Dr. Jennifer Rea, Associate Professor in the Department of Classics, used her 2016 Rothman Faculty Fellowship to revise and finish the manuscript for her current book project, a graphic history entitled Perpetua’s Journey: Faith, Gender, and Power in the Roman Empire. Perpetua’s Journey combines sequential art and historical commentary to tell the story of Vibia Perpetua, a Christian woman and martyr, executed in Carthage during the birthday celebrations of the Roman emperor Septimius Severus’s son in 203 CE. Unlike previous scholarship that sometimes portrayed Perpetua as a willful and impulsive young woman who rebelled against the Roman authorities, Perpetua’s Journey presents Perpetua as a thoughtful, well-educated leader of her fellow prisoners and as their legal (and spiritual) intercessor – a role normally reserved for men in Roman society.
Perpetua’s confrontations with male authorities throughout the story, from her father to the Roman tribune, reveal a woman who is literate, highly articulate and willing to commit acts of civil disobedience. When Perpetua stood to defend herself in the Roman law court, Roman officials expected to hear the ramblings of an “unstable” female mind. Instead, Perpetua appears rational and calm while the men appear ridiculous and unworthy of authority. When Perpetua prepared for her death in the amphitheater, she refused a headband traditionally worn by sacrificial animals to mark them for the pagan gods. Her refusal encapsulates her story: a woman who chooses the inclusive potential of Christianity over adherence to the Roman authorities and their ancestral customs, or mos maiorum, as proof of her personal agency.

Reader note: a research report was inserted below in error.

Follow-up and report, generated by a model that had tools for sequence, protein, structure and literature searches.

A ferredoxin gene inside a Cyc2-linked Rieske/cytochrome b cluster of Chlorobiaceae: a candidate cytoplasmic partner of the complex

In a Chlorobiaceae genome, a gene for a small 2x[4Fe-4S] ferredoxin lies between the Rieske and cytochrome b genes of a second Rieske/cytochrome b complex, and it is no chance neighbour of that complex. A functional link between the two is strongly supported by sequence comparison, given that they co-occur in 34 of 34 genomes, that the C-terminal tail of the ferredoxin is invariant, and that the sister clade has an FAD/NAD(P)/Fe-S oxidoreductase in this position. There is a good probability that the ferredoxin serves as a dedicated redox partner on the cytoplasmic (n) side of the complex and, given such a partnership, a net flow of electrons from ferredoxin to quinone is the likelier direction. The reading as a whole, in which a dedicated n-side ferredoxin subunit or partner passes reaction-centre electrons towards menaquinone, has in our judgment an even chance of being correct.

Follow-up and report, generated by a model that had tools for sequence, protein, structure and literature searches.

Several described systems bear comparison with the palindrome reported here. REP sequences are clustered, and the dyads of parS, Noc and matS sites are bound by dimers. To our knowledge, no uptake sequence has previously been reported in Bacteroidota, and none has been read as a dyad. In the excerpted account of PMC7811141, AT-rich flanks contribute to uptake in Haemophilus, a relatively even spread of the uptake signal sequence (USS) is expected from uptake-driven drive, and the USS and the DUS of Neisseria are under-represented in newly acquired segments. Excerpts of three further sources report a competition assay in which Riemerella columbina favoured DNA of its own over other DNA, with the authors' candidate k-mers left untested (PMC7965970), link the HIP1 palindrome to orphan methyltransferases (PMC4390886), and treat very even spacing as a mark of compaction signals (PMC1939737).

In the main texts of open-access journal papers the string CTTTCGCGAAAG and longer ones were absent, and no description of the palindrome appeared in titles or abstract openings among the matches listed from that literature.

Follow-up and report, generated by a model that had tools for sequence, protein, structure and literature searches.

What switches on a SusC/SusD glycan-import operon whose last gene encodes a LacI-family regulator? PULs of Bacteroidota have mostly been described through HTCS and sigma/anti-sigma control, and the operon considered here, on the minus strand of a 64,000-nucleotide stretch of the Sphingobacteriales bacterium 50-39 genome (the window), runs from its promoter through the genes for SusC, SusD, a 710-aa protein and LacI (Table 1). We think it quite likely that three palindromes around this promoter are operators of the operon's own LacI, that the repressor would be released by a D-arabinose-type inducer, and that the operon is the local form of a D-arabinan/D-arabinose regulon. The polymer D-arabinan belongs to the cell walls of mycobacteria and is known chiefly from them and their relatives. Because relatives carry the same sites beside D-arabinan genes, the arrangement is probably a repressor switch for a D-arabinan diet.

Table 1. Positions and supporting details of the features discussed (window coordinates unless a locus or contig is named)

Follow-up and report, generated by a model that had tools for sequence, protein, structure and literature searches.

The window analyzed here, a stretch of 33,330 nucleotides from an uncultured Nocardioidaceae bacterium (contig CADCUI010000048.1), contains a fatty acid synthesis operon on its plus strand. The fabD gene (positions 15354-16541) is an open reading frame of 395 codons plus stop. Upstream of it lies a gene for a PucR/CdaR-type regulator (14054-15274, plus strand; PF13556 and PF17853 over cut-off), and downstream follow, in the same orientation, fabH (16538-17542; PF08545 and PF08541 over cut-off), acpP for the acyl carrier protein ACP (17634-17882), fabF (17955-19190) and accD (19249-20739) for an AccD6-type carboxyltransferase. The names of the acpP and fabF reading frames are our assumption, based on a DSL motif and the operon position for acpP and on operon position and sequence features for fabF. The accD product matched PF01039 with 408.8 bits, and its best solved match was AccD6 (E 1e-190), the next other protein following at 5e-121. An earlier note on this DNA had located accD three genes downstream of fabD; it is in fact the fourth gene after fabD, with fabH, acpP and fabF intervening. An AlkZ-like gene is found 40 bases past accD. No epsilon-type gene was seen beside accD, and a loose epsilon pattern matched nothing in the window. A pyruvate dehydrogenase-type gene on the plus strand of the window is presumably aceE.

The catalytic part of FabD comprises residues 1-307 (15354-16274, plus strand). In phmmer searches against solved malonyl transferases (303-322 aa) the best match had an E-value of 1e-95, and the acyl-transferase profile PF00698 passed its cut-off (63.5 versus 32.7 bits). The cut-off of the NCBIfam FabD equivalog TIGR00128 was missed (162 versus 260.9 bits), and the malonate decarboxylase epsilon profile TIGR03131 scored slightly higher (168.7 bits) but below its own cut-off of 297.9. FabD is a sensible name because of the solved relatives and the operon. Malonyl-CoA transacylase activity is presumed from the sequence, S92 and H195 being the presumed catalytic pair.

Perpetua’s legacy in modern popular culture and scholarship often presents a woman who swaps one form of patriarchy for another. As a graphic history, Perpetua’s Journey fights image with image: a depiction of how Perpetua’s convictions caused her to rebel against the mos maiorum gives way to alternative portrayals of her strength, leadership, courage, and competence. Overall, Professor Rea’s project highlights the potential of graphic histories to reshape historical perspectives and the promise of future collaborations between humanities scholars and artists. In the end, Perpetua’s story is not about a fanatical convert, but about a woman who challenged an empire.
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